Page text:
Mars, Diageo and Dropbox unveil major renewables milestones

Each company is progressing towards ambitious climate targets

Mars Incorporated announced that it has agreed on a new power purchase agreement (PPA) to provide renewable energy that will cover more than 100% of its needs across 2,000 veterinary hospitals in the US.

The PPA, signed with Apex Clean Energy, will enable the construction of a 121.26 MW wind farm in Ford Ridge, Illinois, that will become operational by the end of the year.

The agreement covers Mars’ suppliers BHJ and Silgan Containers and, together with an existing wind farm in Texas, will generate enough power for the Mars confectionery, food and pet care business in the US.

Mars’ chief procurement and sustainability officer Barry Parkin said: “As our business in the US continues to grow, Mars is committed to embedding sustainable solutions throughout our operations. And, as the world looks to rebuild from the devastating effects of the pandemic, it will be critical for businesses to lead.

“This partnership is further evidence that we are moving full steam toward our emissions targets and driving climate action throughout our extended value chain.”

The PPA will build towards Mars’ global goal of using 100% renewables across all its operations by 2040. Once completed, the US will then become one of 11 nations where Mars is covered by 100% renewables. This accounts for more than 50% of its global electricity needs.


In related news, drinks giant Diageo has applied for planning permission for a solar farm that would be located at its packaging plant in Fife.

The farm, subject to consent by Fife Council, would see 12,000 solar panels installed at the site capable of producing 4 MW of renewable energy annually. Diageo notes the farm would sit entirely within the 150-acre plant, which produces 40 million cases of premium spirits annually.

Diageo’s operations director for the Leven Packaging Plant, Gavin Brogan, said: “We have been on the journey to environmental sustainability at Leven for many years and we have made great progress, but this solar array would take us to another level, allowing us to generate our own renewable energy on-site and contributing to Diageo’s global ambition to achieve net-zero carbon emissions by 2030.

“We have planned this carefully and we are happy to engage our neighbours and local stakeholders during the planning application process.”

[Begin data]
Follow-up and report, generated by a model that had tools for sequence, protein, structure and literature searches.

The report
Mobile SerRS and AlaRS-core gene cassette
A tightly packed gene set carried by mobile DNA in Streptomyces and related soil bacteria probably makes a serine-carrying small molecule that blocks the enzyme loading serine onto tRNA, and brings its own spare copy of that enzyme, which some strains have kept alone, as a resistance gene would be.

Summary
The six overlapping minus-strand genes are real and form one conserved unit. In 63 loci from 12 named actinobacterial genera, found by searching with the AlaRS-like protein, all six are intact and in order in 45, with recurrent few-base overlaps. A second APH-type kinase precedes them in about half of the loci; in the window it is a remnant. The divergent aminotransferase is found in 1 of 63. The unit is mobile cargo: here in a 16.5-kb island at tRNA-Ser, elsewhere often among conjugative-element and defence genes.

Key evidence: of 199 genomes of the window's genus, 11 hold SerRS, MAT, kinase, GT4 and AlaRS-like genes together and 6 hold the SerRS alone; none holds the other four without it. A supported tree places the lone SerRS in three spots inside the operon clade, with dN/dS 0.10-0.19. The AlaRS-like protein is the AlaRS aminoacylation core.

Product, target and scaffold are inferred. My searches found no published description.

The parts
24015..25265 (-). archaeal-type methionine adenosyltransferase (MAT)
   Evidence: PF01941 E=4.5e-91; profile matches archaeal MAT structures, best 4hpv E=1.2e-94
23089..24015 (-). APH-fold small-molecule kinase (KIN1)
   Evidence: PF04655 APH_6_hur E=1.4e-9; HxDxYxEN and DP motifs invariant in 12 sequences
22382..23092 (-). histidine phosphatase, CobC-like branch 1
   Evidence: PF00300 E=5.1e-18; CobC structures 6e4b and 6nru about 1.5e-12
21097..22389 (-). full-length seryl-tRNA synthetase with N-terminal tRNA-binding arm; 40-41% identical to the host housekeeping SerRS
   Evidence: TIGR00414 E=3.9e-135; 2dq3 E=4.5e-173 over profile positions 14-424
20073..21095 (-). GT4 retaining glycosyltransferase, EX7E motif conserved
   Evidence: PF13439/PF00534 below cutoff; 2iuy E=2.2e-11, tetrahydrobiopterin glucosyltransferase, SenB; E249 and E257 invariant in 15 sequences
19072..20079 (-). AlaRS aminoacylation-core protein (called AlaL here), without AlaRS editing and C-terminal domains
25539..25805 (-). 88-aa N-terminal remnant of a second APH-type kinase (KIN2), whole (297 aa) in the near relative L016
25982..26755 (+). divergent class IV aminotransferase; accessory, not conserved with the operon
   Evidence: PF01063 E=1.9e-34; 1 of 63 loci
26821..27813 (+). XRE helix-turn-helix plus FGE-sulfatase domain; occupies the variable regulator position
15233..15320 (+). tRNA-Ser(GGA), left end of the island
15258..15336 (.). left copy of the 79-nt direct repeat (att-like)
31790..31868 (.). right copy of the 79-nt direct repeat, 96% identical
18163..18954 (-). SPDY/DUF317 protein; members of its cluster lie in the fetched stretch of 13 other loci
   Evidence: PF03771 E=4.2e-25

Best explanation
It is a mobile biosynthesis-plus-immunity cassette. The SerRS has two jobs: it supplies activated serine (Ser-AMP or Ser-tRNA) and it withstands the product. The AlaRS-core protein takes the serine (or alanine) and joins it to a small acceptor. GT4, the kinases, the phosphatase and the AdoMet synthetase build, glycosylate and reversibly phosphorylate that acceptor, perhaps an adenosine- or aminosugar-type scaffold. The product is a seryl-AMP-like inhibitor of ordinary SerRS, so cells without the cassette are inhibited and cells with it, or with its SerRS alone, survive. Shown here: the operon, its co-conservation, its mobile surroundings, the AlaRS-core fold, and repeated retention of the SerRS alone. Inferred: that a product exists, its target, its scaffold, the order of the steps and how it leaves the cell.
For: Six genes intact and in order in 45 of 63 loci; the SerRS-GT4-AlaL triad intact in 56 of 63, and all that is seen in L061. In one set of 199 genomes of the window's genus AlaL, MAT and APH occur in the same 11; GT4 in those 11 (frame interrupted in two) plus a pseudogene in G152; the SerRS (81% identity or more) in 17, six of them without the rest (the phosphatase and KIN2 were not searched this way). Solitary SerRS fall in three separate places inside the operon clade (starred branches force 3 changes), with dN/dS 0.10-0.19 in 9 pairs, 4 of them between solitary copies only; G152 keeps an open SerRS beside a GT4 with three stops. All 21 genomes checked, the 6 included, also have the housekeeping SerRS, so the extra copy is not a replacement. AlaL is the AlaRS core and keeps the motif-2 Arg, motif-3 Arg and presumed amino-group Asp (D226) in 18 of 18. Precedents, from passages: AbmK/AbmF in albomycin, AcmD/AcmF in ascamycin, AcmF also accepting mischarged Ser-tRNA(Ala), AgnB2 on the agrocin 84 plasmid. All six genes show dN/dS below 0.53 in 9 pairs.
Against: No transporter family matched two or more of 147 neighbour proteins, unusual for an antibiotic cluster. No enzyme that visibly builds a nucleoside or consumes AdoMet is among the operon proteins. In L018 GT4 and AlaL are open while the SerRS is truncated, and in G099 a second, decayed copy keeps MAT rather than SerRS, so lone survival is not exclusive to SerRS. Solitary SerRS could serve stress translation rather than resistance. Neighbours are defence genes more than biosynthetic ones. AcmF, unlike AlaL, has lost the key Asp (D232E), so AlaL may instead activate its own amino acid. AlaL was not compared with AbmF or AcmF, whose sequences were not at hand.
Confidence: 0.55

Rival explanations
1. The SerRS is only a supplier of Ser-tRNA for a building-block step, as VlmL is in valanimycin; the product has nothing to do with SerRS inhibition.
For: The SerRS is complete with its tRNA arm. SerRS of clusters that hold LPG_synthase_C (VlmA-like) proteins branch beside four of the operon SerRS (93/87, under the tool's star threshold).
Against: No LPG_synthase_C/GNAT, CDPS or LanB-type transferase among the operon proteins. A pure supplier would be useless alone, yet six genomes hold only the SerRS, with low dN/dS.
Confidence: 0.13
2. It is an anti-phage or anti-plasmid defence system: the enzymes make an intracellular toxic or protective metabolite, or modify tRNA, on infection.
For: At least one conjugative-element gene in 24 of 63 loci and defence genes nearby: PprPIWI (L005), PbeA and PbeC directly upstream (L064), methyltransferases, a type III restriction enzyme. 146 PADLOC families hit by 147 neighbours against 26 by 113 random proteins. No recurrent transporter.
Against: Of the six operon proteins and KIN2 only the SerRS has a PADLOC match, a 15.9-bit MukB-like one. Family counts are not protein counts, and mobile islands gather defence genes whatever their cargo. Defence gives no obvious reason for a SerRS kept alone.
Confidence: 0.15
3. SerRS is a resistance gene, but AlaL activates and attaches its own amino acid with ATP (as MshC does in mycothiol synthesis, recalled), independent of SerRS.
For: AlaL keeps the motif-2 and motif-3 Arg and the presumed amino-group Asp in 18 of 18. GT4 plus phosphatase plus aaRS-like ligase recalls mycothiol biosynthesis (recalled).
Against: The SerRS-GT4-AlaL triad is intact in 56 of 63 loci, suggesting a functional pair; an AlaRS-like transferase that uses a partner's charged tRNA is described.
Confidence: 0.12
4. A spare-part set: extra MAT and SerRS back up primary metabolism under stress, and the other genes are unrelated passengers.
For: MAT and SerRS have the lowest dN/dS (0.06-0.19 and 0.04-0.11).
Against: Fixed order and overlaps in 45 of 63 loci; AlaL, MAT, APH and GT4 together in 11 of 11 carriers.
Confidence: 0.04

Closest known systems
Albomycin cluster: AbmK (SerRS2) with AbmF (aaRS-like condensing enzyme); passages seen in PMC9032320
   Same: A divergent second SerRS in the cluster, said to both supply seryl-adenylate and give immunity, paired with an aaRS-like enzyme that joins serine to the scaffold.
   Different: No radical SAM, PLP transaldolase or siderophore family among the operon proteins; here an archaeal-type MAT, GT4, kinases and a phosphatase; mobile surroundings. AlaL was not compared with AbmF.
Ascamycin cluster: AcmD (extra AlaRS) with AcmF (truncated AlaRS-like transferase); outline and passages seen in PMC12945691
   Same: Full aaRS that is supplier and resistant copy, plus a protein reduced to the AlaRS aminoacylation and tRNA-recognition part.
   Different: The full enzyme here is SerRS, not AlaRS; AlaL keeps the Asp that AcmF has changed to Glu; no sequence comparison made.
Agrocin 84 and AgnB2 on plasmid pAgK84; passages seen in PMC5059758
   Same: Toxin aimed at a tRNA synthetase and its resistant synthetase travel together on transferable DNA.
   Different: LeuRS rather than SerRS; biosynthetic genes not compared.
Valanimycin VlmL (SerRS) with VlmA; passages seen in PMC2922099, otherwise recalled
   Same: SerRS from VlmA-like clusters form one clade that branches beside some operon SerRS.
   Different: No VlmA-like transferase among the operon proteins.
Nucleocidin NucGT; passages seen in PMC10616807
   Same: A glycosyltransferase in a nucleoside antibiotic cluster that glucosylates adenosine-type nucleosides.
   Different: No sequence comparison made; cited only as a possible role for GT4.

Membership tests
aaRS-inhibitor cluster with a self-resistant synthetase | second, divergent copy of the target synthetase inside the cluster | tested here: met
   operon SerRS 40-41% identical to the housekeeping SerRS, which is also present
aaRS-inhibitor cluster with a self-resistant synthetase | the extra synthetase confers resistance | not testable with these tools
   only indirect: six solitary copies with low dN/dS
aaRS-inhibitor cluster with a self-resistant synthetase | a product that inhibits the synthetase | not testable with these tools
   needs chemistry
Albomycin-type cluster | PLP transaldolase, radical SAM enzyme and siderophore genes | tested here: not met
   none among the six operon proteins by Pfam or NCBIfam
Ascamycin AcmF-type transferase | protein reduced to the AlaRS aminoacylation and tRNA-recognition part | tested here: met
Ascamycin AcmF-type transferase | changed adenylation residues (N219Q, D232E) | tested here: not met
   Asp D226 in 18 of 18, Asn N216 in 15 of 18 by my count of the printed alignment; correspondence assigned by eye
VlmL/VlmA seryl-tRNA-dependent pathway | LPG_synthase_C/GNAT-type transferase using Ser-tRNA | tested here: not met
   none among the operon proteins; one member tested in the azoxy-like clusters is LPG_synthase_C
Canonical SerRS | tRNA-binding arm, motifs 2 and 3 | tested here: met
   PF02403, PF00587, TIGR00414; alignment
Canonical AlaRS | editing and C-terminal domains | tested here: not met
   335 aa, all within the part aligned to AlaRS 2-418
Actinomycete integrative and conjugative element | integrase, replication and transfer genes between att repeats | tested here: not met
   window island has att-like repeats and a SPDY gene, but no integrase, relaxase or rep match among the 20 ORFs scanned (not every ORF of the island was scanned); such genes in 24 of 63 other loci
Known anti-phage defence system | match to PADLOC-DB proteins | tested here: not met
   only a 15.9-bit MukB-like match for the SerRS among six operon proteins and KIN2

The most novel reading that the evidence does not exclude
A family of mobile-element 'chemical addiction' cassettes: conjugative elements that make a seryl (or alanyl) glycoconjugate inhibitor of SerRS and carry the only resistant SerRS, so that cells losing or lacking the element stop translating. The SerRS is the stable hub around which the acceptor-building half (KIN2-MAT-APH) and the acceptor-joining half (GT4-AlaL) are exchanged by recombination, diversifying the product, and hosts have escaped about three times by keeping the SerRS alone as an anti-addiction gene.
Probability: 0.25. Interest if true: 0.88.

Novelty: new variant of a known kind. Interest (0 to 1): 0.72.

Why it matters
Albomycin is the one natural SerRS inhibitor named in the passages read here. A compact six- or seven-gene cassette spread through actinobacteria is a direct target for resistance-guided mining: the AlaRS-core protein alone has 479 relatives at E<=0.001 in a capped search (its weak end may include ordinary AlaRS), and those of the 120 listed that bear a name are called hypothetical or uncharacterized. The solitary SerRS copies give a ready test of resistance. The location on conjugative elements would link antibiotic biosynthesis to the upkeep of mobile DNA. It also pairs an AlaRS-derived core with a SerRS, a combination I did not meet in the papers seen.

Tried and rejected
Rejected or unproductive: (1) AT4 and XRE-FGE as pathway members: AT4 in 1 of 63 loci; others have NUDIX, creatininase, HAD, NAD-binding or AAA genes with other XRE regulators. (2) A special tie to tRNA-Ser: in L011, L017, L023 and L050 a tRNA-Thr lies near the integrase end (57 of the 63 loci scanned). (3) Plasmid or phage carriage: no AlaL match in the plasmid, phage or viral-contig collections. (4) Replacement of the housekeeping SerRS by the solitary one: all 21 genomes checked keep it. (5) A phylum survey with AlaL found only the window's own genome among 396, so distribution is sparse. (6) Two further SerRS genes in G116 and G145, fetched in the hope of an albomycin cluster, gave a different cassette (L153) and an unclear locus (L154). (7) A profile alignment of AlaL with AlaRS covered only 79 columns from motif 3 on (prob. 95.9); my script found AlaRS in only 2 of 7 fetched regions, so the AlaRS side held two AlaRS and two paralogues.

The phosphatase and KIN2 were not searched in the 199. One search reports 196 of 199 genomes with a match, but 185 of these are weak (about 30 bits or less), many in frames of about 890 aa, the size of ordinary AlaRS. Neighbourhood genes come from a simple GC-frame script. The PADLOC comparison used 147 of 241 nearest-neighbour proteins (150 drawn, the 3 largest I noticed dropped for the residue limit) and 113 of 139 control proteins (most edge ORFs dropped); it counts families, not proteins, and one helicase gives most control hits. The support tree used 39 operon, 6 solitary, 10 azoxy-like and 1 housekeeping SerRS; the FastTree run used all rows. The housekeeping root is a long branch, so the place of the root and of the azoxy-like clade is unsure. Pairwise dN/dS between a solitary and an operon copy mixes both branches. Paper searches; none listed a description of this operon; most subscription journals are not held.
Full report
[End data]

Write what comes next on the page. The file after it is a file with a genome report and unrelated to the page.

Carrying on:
As mentioned by Brogan, Diageo has committed to achieving net-zero operational emissions within a decade and to halving its indirect (Scope 3) emissions within the same timeframe, as part of a new ten-year strategy.

The business, which owns brands like Smirnoff and Guinness, said in a statement that the environmental targets will reduce negative impacts across the ‘grain to glass’ value chain. On carbon, the headline target is a commitment to achieve net-zero operational emissions through a mix of energy efficiency improvements and renewable energy procurement and generation. 


Another firm making moves in the renewables space is file hosting firm Dropbox.

Exactly one year ago, Dropbox pledged to achieve carbon neutrality for direct, power-related and business-travel-related emissions by 2030, as part of a sweeping new sustainability strategy.

To reduce direct (Scope 1) and power-related (Scope 2) emissions, Dropbox will invest in technologies and systems which minimize the energy consumption of its operations – particularly its data centres in the US and its servers in Germany, Australia and Japan. The business hopes to decouple energy consumption from storage capacity.

It will also transition to 100% renewable electricity for its data centres and offices, by changing its electricity tariffs and exploring power purchase agreements (PPAs) with renewable generators.

The company has this week announced that it has covered all of its data centre storage server power globally with 100% renewable electricity. A mixture of energy efficiency technologies and green certificates have enabled the firm to reach the milestone and reduce emissions from date centres by 15% in the last year.

Matt Mace

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